Oncidium orchids

Hubby and I went to Sheridan Nurseries this weekend to pick up an orchid for his mom. I was after something other than the typical Phalaenopsis, but didn’t have time or the knowledge to go through an orchid broker. On the Sheridan website, they showed a number of different and interesting looking orchids and I was delighted to find the Redolance. What made this special was that the blooms are a lot smaller. We liked that there were 2 bloom spikes. Hubby chose a plant where the flower had not opened yet, but fearing that they might not open at all! I told him that it was a perfect idea, and that they would open. I could see that some of them were on the verge of opening. The orchid pot designs were different than those offered at Plant World. Hubby had chosen a more neutral colour, but I like the darker, more metallic looking pot in the photo. He agreed and said it looked more Asian anyway.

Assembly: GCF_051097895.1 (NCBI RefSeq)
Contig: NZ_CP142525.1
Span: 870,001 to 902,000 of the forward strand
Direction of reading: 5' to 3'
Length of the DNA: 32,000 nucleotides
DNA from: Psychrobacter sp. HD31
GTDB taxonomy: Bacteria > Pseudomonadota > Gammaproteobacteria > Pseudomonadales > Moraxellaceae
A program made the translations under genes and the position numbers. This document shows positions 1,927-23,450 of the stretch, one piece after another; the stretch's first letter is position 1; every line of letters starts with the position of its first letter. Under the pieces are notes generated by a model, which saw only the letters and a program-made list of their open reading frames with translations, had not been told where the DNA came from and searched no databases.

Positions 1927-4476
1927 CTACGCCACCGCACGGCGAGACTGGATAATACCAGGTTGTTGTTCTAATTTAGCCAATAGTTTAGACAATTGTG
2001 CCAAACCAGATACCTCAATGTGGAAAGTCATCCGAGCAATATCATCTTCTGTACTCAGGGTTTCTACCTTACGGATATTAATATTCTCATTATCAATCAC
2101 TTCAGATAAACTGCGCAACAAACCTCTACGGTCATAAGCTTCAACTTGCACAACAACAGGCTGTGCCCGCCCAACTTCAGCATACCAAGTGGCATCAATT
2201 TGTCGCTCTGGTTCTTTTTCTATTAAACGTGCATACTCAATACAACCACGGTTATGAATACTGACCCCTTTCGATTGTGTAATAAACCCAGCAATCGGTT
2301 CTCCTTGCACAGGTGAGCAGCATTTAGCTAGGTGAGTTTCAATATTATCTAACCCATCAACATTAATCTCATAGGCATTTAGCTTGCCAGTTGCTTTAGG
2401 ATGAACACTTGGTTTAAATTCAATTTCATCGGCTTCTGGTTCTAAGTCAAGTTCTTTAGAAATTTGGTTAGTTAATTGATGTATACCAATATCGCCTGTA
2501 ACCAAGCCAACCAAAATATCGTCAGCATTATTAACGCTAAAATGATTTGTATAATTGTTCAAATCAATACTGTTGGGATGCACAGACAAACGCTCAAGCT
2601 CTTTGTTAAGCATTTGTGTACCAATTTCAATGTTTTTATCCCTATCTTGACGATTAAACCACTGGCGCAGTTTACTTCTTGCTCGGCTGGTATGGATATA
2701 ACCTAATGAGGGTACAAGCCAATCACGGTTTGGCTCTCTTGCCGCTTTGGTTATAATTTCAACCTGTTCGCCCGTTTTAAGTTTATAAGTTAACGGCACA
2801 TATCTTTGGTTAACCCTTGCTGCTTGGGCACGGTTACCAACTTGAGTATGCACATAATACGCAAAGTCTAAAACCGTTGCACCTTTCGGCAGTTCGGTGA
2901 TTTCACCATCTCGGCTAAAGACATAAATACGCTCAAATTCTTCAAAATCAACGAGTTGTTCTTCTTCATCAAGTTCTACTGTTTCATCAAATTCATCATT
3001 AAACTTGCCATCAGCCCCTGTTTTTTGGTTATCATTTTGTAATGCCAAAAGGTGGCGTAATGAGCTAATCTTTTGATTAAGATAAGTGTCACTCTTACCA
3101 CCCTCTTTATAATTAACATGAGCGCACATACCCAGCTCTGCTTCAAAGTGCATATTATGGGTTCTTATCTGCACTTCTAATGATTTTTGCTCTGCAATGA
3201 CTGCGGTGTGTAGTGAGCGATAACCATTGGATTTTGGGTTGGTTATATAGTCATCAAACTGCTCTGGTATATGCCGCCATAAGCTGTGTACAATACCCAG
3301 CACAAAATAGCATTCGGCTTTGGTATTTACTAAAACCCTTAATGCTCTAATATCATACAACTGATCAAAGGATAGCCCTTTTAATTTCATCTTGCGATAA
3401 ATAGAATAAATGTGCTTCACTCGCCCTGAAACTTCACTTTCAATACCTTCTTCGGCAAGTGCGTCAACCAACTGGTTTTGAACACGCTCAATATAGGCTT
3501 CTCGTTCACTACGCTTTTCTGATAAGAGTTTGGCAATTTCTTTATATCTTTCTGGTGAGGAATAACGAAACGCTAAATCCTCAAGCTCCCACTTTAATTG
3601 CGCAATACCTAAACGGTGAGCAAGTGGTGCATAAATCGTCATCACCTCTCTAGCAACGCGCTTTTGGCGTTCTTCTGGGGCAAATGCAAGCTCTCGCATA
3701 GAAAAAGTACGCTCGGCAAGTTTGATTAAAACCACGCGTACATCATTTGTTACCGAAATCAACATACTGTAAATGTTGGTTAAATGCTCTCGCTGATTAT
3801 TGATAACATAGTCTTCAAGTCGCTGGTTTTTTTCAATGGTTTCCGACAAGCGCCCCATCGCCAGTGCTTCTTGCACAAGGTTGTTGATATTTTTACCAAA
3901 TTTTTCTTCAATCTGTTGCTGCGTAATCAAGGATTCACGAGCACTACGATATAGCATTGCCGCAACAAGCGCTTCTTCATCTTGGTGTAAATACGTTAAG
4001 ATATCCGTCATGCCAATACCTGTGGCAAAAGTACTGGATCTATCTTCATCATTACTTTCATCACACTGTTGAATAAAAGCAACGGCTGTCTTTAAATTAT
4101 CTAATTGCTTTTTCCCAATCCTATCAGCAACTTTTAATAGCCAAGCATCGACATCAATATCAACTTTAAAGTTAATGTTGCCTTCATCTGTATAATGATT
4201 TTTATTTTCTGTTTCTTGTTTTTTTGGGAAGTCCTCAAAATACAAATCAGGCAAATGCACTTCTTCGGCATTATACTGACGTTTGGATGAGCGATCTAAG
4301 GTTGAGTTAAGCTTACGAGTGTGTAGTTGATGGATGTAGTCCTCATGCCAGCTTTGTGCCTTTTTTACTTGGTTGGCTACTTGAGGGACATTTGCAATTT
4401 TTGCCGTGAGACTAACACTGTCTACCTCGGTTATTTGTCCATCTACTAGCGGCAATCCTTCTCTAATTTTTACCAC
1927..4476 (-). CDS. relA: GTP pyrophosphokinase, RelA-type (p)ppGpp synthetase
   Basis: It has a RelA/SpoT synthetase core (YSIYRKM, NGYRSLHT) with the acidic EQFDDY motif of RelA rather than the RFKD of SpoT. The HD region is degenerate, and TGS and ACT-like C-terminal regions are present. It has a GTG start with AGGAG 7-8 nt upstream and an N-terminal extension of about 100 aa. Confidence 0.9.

Of course I was drawn in myself, and decided that we should get a ‘special’ orchid for ourselves. I ended up with the Wilsonara Tiger Brew ‘Pacific Holiday’. The blooms are bigger, but the shape is pointer than the moth/Phalaenopsis. I loved the bright burst of colour.

Both orchids are Oncidium orchids. Oncidium Orchids are naturally found in the warm temperate regions of the Americas from Florida to Argentina. The varieties most often sold here produce long arching sprays of numerous, exquisite yellow flowers variously speckled with brown, burgundy edged with yellow (often referred to as “wildcats”), creamy-white and light burgundy, and purple and white. Blooms are much smaller, more delicate looking than on a Phalaenopsis but similarly they appear to be hovering. Oncidium’s nickname is “dancing lady” or “dancing doll”.

I find the pseudobulbs interesting on these plants. This is where this type of orchid stores water.

When I woke up the next morning and checked on the Redolance, one of the flowers had started to open overnight! I decided to try to capture it opening further. This video is a collection of photos over a 6 hour period. The jumps are because hubby and I caused some vibration while we were moving soil outside.


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